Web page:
Pregnancy in a healthy woman with untreated citrullinemia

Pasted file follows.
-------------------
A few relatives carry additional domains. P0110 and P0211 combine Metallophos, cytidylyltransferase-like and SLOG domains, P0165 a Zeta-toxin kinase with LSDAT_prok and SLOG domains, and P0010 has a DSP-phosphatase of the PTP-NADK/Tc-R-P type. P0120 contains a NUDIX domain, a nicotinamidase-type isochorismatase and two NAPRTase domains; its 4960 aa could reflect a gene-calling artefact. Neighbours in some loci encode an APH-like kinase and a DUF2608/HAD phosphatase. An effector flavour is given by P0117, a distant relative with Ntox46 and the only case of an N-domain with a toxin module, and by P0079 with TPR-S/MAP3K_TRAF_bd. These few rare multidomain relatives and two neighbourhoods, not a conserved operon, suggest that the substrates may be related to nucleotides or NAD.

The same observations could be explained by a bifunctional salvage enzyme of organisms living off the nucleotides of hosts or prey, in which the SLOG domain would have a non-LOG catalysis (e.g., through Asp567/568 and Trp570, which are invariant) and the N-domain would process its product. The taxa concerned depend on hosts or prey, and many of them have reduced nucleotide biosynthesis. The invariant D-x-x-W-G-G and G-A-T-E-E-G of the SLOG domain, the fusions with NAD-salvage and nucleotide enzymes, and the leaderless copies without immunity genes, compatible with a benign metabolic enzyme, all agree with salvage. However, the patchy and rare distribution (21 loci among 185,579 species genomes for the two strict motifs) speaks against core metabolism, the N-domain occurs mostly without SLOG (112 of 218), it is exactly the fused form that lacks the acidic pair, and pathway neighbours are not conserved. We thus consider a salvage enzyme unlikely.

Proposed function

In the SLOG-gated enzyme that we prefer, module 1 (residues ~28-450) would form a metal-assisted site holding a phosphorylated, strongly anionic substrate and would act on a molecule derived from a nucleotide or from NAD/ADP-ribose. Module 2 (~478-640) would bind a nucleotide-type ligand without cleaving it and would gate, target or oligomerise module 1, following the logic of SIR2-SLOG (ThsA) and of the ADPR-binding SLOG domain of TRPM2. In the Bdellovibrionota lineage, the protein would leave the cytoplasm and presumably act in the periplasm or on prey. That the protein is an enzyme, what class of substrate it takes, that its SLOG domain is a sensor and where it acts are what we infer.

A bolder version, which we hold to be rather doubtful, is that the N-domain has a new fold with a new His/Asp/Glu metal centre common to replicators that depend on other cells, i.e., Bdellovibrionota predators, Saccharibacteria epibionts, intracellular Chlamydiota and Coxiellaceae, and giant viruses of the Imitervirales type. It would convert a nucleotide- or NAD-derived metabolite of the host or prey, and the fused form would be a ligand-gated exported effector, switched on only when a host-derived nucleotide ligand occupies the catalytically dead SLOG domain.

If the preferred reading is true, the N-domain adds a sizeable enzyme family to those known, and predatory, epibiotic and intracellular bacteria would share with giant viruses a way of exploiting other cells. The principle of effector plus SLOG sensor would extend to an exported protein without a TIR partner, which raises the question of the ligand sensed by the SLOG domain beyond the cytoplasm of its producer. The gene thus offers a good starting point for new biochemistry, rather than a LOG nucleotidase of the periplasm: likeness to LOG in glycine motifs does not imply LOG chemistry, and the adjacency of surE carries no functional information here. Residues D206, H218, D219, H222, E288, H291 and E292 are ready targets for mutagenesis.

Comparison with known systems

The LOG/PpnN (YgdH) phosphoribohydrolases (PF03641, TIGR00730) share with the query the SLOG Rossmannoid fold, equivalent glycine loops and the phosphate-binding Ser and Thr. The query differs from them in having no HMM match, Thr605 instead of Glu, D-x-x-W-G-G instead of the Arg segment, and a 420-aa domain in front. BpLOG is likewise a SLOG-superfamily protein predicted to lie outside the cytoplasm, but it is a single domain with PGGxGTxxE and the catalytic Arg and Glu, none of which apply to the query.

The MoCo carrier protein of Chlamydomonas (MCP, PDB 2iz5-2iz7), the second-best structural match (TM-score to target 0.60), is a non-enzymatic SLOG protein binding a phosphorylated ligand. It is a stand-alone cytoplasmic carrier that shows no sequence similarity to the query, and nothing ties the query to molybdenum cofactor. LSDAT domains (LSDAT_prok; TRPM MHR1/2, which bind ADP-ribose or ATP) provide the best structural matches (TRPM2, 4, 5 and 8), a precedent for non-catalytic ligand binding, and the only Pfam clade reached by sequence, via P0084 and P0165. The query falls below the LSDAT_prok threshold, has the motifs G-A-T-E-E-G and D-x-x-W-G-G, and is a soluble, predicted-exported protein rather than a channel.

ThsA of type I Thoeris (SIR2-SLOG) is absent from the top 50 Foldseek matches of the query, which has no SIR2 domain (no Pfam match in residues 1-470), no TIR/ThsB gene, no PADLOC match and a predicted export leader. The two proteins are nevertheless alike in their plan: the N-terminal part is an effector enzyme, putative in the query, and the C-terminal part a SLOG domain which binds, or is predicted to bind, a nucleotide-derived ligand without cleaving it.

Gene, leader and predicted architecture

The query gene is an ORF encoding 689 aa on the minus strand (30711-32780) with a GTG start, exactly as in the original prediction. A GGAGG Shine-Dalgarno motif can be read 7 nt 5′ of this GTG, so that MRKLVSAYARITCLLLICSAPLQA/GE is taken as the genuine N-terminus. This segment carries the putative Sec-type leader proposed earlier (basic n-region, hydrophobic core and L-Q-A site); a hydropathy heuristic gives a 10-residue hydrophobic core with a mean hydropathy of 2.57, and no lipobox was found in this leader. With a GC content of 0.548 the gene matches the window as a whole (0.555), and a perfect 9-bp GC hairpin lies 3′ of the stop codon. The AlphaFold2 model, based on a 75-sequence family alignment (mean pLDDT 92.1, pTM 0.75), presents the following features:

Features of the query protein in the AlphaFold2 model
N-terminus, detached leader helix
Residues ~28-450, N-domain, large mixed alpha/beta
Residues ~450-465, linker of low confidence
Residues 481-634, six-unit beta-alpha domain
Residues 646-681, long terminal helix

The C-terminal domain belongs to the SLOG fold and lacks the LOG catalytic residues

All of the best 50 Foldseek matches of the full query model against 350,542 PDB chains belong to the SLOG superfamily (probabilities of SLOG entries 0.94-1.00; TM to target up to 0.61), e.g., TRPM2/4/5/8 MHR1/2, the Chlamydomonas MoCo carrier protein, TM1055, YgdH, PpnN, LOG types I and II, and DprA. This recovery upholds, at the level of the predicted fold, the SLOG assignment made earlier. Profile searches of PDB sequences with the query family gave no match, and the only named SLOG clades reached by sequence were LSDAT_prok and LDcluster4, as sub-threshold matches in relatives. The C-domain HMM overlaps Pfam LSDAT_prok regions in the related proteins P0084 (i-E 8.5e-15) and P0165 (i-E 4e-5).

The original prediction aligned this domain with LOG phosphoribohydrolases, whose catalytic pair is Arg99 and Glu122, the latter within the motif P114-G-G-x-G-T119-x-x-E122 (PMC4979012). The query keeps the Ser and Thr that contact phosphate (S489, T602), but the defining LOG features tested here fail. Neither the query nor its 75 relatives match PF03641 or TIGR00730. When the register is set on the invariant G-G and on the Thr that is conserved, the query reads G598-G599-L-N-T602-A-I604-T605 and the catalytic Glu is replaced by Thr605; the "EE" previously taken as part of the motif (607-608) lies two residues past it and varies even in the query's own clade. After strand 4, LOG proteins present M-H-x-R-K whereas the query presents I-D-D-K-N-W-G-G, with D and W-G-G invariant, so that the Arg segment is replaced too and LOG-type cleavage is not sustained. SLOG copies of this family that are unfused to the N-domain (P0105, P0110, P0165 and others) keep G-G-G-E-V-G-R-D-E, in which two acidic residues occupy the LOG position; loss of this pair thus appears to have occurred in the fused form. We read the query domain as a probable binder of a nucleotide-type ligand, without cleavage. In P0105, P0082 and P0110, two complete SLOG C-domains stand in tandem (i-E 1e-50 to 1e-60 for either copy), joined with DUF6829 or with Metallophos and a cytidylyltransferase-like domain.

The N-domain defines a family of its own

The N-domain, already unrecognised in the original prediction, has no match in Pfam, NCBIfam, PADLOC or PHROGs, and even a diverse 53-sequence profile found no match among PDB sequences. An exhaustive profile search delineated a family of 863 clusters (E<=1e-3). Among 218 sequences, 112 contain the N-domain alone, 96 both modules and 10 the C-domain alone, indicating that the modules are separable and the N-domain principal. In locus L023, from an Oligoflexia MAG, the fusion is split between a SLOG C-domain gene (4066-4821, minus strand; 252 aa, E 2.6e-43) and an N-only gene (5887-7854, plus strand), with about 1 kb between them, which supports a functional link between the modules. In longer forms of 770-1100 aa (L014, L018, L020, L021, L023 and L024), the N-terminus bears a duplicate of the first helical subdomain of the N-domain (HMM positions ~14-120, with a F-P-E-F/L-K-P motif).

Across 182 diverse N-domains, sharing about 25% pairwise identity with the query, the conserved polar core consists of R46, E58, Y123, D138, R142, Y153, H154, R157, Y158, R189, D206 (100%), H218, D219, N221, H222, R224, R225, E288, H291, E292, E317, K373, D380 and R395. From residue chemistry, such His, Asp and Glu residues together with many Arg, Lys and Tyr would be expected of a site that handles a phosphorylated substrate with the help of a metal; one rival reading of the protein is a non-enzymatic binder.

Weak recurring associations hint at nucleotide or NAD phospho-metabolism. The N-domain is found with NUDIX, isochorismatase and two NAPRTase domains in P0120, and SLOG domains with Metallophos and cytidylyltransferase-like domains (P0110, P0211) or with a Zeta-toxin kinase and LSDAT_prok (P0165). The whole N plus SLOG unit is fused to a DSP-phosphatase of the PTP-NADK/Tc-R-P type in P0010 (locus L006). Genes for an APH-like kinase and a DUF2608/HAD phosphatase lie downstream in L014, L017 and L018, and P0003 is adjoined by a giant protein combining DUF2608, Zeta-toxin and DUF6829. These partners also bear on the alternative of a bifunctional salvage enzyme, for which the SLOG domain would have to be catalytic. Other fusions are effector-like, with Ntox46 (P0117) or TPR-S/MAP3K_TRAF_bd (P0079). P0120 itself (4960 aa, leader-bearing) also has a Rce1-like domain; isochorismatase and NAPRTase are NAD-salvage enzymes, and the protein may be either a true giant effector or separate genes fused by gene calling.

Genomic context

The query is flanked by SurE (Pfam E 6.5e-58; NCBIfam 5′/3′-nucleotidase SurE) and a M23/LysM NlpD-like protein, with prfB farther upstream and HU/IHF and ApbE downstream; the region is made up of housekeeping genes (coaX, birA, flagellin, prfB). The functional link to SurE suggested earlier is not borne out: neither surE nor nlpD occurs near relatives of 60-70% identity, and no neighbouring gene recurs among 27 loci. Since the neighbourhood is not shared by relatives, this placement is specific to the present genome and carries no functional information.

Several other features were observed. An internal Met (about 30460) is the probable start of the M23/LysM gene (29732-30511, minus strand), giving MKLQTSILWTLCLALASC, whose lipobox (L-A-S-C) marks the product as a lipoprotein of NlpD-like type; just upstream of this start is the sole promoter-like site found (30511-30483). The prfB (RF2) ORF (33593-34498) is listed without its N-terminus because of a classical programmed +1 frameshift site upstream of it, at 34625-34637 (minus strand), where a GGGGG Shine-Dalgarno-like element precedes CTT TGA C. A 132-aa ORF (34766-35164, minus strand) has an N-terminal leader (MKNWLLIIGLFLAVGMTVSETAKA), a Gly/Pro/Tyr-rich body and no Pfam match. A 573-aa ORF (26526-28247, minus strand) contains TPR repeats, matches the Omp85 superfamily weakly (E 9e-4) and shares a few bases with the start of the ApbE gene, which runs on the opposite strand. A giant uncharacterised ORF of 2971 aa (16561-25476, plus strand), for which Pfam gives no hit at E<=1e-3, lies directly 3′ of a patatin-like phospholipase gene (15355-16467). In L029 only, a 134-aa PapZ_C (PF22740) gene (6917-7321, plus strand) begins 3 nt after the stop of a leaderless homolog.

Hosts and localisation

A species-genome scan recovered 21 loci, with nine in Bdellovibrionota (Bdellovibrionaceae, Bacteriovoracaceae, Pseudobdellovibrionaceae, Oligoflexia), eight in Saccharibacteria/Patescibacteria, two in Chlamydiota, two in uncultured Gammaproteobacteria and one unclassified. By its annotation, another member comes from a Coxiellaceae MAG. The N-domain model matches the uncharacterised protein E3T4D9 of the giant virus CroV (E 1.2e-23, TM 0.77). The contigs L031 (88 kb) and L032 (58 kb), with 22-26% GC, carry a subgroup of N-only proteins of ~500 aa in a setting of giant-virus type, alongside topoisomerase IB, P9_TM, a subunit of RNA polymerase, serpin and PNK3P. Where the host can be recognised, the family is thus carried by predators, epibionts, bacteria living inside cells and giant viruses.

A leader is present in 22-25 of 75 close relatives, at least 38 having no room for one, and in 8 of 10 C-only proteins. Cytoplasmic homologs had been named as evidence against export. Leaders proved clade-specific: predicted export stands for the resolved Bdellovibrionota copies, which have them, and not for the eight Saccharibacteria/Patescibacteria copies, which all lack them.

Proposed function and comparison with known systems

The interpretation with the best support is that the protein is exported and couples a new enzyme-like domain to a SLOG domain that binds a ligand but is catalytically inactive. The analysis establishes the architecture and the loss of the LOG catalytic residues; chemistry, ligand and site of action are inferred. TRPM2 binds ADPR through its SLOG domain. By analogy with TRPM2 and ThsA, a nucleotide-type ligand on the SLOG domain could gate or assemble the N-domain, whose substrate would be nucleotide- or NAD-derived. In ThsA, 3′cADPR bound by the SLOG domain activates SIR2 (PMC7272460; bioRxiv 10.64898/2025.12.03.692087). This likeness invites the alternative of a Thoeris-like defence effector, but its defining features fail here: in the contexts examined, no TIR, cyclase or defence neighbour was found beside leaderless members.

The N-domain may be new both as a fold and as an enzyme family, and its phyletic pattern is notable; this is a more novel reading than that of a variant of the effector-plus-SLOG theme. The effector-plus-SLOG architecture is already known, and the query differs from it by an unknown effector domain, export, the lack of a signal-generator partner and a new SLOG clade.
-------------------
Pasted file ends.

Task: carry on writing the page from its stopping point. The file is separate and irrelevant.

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We report the clinical and biochemical data on a second successful pregnancy in a woman with citrullinemia due to argininosuccinate synthetase deficiency (CTLN1). Despite very elevated plasma and urine citrulline and little or no measurable argininosuccinate synthetase enzyme activity on cultured skin fibroblasts, this 29-year-old woman, who was identified through newborn screening, has remained asymptomatic throughout her life. Mutation analysis has recently revealed that she is a compound heterozygote for a known and a novel mutation (IVS15-1G > C and K310Q, respectively). Many newborn screening programs have recently been expanded to include citrullinemia and numerous asymptomatic hypercitrullinemic infants and children have been identified. It is now important to define prognostic indicators that will help with treatment decisions and genetic counseling for these patients. This patient, as the only citrullinemic adult who has been followed prospectively, contributes important information in this regard. In addition, her child was unaffected by the high citrulline levels demonstrated in amniotic fluid and breast milk suggesting that citrulline is not teratogenic. Although pregnancy is an important risk factor for women with CTLN1, it appears that females with citrullinemia can have normal pregnancy outcomes, as long as metabolic crisis is avoided.
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